Not any more. After we were startled by the hold music when we called a House office recently, sources on Capitol Hill informed us this week that the Democratic House leadership has made a sweeping decision that congressional offices now have the options of “smooth jazz” elevator music or no music at all.

Several other conservative blogs have taken up this cause. Don’t they realize how uniquely American jazz is? We might even use this to ask why conservatives hate America–but of course we won’t as we aren’t crazy like they are.

As bizarre as it is that they would make an issue of this, they apparently have been successful, thanks to one of our far right Republicans here in Western Michigan. Fred Upton has made an issue of this in Congress. Now that this is settled, wingnuts can go back to worrying about more important things, like fluoride in the water or what type of mustard Barack Obama puts on his hamburgers. Personally I’m about to go from Western Michigan to Mackinac Island for the Labor Day Jazz Weekend at Grand Hotel. I’ll be listening to Jazz under a row of flags at Grand Hotel. Does this look unpatriotic? (Photo from Jazz Weekend 2008).


Update: Think Progress has a more realistic account of the story than is being told on the right wing sites:

Here’s what happened: Congressional offices have traditionally been able to have a choice of music or no music. The CD that had been in the congressional muzak system for “a long time” was a “patriotic tunes CD.” The CAO’s office wanted to test a program giving people a choice of multiple CDs and decided to try out a jazz CD because it’s “what a lot of companies have when you’re on hold.” However, based on the feedback they received, they simply decided to go back to the old system.

Now the right wingers can go back to protesting the NAFTA superhighway or questioning Obama’s birth certificate.

Using Budget Reconcilliation To Pass Health Care Reform

I’ve generally tried to do the opposite of the news media and concentrate on how health care reform will affect medical care as opposed to dwelling on the horse race aspects of getting this through Congress. I’ll make an exception to point out one post worth reading. Brian Buetler runs through some of the complexities of using budget reconciliation to get health care reform through the Senate.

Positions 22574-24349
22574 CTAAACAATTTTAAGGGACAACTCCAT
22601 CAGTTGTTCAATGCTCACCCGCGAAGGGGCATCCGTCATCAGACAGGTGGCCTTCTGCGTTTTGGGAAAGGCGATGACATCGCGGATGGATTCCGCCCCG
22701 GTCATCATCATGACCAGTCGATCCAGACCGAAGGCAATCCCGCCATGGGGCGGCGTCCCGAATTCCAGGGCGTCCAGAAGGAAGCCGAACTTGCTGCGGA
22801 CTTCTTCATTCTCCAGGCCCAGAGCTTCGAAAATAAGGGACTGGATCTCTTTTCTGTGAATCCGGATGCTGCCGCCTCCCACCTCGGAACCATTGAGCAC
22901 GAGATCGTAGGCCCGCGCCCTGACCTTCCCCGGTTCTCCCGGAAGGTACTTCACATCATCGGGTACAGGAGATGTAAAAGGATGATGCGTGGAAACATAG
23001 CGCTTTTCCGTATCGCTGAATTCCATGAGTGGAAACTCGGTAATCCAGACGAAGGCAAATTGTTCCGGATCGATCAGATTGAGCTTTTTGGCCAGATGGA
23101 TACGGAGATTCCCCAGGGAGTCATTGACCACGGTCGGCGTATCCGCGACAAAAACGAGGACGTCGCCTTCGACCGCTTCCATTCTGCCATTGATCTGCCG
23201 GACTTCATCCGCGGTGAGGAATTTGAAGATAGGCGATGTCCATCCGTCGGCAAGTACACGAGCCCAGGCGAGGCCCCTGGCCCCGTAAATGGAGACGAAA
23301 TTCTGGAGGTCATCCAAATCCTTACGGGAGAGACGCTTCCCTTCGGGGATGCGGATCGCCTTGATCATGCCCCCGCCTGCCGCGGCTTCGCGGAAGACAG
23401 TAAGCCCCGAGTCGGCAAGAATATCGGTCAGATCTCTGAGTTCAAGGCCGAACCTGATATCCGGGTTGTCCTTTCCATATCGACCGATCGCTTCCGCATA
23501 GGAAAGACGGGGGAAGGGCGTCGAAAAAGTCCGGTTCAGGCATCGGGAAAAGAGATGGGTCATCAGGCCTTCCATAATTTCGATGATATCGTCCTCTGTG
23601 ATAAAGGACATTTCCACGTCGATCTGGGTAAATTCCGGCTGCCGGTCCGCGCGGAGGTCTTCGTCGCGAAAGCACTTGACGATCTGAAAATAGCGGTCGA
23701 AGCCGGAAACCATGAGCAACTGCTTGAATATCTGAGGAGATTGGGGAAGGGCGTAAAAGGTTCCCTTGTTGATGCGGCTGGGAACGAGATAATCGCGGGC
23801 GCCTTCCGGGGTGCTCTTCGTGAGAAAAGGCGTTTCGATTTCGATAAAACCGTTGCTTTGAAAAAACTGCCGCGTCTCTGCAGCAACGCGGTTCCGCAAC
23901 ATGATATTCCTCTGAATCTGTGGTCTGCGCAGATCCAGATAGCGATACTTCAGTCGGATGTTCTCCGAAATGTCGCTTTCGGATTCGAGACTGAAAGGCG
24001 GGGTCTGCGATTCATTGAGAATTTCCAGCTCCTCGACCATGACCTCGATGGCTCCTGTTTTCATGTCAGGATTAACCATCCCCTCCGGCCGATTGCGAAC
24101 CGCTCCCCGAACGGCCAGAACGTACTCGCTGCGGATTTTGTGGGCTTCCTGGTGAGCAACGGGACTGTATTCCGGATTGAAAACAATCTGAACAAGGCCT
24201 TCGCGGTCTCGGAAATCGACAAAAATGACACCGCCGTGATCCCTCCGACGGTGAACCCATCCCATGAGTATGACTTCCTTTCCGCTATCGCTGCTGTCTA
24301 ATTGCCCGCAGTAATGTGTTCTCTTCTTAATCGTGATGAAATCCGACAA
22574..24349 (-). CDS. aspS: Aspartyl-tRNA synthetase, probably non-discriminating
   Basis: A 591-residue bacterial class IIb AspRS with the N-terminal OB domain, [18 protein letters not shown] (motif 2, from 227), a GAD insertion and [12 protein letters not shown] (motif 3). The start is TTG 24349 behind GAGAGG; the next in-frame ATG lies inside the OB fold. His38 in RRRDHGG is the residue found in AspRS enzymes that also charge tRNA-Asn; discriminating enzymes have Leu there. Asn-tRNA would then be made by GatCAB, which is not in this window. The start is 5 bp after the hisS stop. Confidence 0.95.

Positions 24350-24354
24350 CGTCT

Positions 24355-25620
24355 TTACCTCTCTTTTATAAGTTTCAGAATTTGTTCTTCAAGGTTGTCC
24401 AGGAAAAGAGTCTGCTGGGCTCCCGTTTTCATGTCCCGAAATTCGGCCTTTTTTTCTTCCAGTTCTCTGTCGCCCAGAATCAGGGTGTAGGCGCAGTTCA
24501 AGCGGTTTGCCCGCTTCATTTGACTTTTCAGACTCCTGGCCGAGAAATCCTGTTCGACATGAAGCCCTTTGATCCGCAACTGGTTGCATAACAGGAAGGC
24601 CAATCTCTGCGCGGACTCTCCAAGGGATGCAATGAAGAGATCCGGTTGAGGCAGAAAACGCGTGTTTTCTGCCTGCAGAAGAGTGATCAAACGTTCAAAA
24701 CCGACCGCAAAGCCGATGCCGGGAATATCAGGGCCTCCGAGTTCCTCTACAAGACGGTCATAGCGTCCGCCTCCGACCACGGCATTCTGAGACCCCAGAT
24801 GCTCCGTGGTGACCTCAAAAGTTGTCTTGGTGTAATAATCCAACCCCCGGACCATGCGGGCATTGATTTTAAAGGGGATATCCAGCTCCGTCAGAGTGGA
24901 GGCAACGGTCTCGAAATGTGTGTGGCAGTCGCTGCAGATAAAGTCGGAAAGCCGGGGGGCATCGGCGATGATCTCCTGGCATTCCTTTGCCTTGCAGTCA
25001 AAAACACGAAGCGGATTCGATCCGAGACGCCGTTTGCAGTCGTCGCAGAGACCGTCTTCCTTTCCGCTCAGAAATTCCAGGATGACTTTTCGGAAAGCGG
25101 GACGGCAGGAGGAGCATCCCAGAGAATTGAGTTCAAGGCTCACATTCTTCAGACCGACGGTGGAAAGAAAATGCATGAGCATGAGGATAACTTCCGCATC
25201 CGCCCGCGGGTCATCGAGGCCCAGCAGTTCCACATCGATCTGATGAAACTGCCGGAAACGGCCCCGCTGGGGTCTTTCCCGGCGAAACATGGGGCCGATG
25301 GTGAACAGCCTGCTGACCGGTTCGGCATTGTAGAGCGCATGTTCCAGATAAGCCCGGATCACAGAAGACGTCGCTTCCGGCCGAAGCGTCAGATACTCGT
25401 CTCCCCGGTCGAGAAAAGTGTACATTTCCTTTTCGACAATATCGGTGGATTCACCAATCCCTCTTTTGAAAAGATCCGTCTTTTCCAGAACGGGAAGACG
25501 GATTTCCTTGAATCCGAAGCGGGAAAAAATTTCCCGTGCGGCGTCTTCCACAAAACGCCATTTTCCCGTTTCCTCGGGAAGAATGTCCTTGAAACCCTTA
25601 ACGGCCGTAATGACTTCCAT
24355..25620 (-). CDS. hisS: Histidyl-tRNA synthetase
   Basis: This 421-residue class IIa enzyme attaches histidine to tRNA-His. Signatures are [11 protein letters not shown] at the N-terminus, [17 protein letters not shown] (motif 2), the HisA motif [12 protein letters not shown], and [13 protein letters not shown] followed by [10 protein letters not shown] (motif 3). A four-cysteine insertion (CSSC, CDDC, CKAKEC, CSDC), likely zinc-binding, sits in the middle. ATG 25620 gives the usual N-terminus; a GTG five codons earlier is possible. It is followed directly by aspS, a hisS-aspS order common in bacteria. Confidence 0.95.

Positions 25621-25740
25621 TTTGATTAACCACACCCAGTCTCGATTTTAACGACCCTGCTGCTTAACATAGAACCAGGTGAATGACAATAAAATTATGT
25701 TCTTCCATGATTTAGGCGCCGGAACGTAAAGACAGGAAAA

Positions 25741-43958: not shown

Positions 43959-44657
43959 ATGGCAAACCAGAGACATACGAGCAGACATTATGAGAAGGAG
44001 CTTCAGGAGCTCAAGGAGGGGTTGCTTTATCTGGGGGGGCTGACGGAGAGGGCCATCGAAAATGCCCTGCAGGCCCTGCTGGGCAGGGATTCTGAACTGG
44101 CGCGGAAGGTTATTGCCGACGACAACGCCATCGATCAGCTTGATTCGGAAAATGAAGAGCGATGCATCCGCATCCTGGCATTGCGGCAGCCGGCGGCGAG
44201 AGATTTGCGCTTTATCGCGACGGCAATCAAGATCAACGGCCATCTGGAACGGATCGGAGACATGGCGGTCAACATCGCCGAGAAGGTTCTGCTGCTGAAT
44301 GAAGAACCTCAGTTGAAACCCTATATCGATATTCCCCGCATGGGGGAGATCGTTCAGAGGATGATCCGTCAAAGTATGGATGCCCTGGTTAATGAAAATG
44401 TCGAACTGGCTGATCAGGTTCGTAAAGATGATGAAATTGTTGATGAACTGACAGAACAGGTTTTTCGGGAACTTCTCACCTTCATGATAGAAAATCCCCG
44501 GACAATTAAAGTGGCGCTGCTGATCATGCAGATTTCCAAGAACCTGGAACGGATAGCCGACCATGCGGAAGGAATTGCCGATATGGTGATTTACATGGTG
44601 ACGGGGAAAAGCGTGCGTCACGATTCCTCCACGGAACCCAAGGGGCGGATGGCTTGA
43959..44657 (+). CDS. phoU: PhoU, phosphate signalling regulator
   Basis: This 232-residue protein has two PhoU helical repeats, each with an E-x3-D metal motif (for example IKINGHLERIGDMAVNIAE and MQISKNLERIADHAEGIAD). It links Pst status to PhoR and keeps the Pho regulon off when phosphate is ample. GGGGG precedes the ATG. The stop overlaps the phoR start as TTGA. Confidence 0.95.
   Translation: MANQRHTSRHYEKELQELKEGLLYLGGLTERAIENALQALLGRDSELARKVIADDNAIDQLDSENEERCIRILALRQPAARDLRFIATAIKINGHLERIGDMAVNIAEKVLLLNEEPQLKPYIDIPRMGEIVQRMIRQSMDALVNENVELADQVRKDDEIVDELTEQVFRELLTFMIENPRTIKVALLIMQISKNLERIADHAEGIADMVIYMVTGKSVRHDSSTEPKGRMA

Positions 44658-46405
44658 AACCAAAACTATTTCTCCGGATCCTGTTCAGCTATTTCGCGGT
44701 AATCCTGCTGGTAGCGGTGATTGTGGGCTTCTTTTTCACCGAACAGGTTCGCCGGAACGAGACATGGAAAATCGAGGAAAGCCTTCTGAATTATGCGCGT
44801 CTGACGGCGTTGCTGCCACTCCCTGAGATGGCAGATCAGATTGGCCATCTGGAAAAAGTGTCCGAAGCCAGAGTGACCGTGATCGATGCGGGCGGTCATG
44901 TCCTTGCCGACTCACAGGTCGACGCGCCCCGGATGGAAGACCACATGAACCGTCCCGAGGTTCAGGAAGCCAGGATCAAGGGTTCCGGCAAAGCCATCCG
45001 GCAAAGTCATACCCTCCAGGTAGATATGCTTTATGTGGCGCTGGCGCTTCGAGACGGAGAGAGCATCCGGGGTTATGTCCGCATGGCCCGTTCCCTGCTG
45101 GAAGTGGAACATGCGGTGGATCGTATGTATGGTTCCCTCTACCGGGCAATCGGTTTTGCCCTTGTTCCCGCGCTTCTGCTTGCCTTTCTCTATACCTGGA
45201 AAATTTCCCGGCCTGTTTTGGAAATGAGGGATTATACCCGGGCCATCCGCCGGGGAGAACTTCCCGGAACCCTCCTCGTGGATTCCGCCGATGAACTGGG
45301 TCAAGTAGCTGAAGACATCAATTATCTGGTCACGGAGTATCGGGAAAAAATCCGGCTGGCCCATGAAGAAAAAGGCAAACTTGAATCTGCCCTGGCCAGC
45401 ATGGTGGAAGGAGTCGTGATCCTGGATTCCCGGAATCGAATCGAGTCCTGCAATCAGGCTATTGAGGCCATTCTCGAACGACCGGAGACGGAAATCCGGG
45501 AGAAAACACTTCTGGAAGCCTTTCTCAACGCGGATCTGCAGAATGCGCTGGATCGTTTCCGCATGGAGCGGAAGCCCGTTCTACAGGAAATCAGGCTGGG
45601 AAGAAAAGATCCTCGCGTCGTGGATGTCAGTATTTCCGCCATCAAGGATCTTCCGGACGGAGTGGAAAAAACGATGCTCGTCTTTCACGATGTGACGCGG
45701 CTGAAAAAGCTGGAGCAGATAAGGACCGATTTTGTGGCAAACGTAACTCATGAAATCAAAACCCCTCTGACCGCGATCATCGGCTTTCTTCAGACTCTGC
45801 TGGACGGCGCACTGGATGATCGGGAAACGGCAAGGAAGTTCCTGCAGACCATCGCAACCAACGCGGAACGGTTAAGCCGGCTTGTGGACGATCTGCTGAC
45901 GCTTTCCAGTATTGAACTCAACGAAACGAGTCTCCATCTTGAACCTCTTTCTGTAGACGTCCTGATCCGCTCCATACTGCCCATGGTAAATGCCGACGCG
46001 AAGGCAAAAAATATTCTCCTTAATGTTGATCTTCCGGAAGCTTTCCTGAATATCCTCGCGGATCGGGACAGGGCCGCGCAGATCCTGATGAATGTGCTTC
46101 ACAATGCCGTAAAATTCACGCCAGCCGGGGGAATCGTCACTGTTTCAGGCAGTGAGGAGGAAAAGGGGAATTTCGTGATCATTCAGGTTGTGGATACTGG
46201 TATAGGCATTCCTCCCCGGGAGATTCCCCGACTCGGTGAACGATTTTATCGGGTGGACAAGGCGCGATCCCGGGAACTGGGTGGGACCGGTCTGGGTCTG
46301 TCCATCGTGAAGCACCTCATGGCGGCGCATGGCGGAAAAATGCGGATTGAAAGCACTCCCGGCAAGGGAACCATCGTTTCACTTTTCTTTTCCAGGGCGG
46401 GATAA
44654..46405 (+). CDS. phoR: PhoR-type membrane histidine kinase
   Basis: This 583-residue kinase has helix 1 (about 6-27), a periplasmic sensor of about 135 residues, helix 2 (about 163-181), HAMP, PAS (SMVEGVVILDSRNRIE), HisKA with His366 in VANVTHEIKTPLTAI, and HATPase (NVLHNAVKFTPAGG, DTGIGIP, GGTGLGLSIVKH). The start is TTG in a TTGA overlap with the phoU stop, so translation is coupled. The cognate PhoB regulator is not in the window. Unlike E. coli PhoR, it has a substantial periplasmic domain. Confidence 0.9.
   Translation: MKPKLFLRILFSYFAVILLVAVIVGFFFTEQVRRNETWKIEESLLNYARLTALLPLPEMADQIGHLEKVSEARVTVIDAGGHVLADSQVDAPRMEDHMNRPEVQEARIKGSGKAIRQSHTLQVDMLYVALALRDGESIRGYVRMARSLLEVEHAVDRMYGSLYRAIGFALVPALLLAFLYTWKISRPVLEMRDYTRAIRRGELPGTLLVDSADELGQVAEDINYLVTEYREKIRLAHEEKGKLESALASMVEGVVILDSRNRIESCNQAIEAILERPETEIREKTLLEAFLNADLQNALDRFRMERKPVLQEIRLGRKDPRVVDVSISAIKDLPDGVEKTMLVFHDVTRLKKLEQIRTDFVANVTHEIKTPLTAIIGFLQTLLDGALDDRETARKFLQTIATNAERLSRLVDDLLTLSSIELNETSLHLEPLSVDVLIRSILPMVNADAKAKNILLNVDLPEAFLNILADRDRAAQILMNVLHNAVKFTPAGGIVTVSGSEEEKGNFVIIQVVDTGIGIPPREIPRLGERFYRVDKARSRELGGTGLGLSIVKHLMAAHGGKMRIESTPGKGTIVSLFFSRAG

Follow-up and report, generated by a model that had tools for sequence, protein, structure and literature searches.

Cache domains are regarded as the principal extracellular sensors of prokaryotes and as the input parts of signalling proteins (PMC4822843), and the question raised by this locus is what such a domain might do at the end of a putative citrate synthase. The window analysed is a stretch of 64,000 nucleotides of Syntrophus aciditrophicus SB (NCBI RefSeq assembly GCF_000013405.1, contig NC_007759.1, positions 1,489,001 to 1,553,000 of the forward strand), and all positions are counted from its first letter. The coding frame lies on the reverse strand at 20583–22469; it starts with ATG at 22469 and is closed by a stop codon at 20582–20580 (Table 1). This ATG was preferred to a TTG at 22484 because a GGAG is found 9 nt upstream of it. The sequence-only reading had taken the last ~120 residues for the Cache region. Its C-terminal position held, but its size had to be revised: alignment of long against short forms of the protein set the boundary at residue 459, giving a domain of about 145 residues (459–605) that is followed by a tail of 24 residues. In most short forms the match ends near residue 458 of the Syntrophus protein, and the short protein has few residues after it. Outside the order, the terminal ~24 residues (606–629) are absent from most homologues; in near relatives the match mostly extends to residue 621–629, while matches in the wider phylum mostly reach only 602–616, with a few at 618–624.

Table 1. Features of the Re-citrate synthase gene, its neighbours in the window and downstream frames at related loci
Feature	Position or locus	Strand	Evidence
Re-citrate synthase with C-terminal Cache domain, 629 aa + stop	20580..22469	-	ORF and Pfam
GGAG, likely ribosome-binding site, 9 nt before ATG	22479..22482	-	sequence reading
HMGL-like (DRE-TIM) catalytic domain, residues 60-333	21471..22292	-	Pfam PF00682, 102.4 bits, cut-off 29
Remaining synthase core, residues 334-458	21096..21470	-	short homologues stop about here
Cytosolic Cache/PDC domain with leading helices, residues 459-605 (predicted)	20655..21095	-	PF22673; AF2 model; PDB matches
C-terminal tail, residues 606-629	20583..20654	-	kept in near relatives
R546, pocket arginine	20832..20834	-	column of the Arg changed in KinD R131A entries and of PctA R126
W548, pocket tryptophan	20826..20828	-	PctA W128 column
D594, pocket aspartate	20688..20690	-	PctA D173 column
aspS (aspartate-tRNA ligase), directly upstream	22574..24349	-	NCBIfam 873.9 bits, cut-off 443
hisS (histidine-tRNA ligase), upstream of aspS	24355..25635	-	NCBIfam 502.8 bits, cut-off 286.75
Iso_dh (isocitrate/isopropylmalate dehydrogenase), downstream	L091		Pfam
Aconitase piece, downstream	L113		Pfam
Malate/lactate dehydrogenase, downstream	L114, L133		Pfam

Budget reconciliation only requires a simple majority while otherwise it requires sixty votes to stop a filibuster. If the Democrats resort to this, it might become necessary to alter the bill to meet the requirements of a budget reconciliation measure. The irony here is that a more robust public option which has greater impact on the budget than the public option which is now being proposed might have an easier time meeting the procedural demands of the reconciliation process. Therefore if the Republicans filibuster health care reform it is possible that the result will be an even larger public plan. However it is also possible that this might lead some conservative Democrats to oppose the plan, possibly making it more difficult to achieve a majority vote.

Confusion Over Health Care Reform

A new CBS poll shows that most Americans are confused over health care reform. That is certainly clear from the comments I receive here where people complain about things which are totally different from what is in any of the actual bills under consideration. It is also clear when every day I have patients asking whether I’d still be able to be their doctor if this is passed, along with repeating other misconceptions being spread.

There are many reasons for this confusion.

First of all, our health care system is already confusing, and any major legislation to change it will wind up sounding confusing to those who do not deal with such subjects on a regular basis.

It doesn’t help matters that the media is concentrating on the horse race of getting health care reform passed as opposed to doing more to explain what is actually being proposed.

If people wouldn’t already be naturally confused enough, the situation is made much worse by the massive amount of misinformation being spread by the right wing. Many of these distortions are fed to conservatives and libertarians directly from the insurance industry. The complexity of the legislation, along with insufficient counter-information from the media, makes it easier for right wingers to spread their distortions.

Finally, the timing has been a problem. Obama’s goal was to have a bill passed by Congress before the August recess, but both the complexity of the issue and the opposition from conservatives made it unrealistic to meet this goal. It would be much easier to explain the specifics of health care reform if there was a single bill. Instead there are several bills under consideration making it impossible to explain exactly the final legislation will say.

Some fault Obama for this but it must also be considered that allowing the two houses of Congress to debate and ultimately pass the legislation is how the system is supposed to work. It is preferable to Hillary Clinton’s approach of writing a specific program in secret and then trying to jam it down the throat of Congress. That didn’t work out too well either.

Marc Ambinder writes that Obama does plan to address this confusion by giving more specific guidelines as to what the legislation should include and some of the ideas will be rebranded as Obama’s. Whether this works will be the ultimate test of Obama’s powers of communication and persuasion.